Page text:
Austin Hall - The Man Who Saved The Earth
The Man Who Saved The Earth
The story opens on an oppressively hot day with a poor little newspaper boy, Charley, playing with a "burning glass" (a magnifying glass) which he uses to concentrate sunlight onto a small focal spot, thus intensifying the heat on some paper until it burns a hole, perhaps a portent of things to come. He is noticed by a recluse scientist, Dr. Robold, who takes interest in Charley's scientific curiosity and calls him a young Archimedes, referring to the ancient Greek who, as legend tells, used a "burning glass" from shore to set enemy ships ablaze as they were approaching. Charley has no parents to care for him. Dr. Robold takes Charley away from his pitiful life, to a mountain retreat in Colorado.
Years later, bizarre, terrifying events begin to occur. At a street intersection in Oakland, California, everything within a large circular area--streetcars, autos, people, pavement--suddenly vanishes without a sound, during a flash of bright, multi-colored light, leaving a vastly deep hole with perfectly smooth sides as though cut with a knife. A wave of something toxic spreads outward, causing people to die of dehydration in a matter of minutes. In a remote rangeland, an entire mountain and 2000 cattle similarly disappear. An enormous fireball cuts a large trench across the United States starting at the Pacific Coastal town of Santa Cruz, California, going all the way to the Atlantic coast and continuing to the "Sargasso Sea" in the middle of the North Atlantic Ocean, where it hovers and draws up water continuously. Climate patterns change immediately. Water levels in the oceans worldwide fall as the water seems to be consumed by this terrifying object. The English Channel goes dry and the Mediterranian Sea becomes a landlocked lake. The devastation continues.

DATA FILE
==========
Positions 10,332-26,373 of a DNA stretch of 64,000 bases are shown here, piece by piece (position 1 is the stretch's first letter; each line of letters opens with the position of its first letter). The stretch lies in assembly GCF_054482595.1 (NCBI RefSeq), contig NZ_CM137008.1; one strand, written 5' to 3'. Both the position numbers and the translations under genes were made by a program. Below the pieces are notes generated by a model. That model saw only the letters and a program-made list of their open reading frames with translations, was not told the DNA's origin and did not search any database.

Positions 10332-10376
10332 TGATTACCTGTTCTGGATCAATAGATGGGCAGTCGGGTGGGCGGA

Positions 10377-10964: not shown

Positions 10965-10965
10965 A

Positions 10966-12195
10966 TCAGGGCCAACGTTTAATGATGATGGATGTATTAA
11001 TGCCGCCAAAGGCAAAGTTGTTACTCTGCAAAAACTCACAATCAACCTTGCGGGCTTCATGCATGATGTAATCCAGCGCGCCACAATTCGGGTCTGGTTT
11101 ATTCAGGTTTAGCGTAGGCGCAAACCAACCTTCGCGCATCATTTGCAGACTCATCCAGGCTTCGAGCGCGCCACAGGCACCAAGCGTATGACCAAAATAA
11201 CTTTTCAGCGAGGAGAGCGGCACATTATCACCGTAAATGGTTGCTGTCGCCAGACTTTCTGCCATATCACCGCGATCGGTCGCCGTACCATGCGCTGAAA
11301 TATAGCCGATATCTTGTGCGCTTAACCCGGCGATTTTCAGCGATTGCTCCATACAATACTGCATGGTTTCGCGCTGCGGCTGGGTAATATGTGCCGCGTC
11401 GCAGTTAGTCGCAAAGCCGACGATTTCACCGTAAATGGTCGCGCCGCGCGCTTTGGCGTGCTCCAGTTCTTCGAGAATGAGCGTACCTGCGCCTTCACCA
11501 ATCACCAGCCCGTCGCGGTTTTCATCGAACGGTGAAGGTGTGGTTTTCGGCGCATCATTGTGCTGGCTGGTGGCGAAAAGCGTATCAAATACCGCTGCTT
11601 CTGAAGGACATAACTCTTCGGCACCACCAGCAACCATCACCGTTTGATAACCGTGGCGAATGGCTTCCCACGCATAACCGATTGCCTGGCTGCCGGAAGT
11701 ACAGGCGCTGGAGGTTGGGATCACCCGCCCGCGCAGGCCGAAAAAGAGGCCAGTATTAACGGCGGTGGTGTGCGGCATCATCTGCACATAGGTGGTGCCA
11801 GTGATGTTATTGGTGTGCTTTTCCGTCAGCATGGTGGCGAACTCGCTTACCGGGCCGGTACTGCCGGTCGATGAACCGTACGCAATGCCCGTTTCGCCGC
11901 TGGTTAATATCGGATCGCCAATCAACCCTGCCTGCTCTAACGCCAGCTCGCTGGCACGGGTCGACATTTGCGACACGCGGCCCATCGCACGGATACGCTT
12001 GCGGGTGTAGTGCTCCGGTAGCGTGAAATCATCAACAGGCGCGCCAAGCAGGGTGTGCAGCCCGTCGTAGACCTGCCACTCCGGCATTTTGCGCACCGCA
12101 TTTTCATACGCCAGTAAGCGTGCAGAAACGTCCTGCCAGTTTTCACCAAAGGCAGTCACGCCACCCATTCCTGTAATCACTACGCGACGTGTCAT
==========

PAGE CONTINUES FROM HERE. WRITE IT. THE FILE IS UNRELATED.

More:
Only one person is the key to saving the world from destruction: Charley, now an adult. We learn that, under Dr. Robold's rearing and tutelage, he studied science. Charley discovers the source of this devastating assault on the Earth and pursues a fast-paced struggle to stop the attack before the Earth is completely plundered.
The story was one of 6 short stories that appeared in the first magazine devoted to science fiction, Amazing Stories: The Magazine of Scientifiction, volume 1, number 1, April 1926, edited by Hugo Gernsback and published by his company, Experimenter Publishing Company. The periodical copyright was not renewed and the individual authors' copyrights were not renewed. This magazine and its contents are now in the public domain in the United States.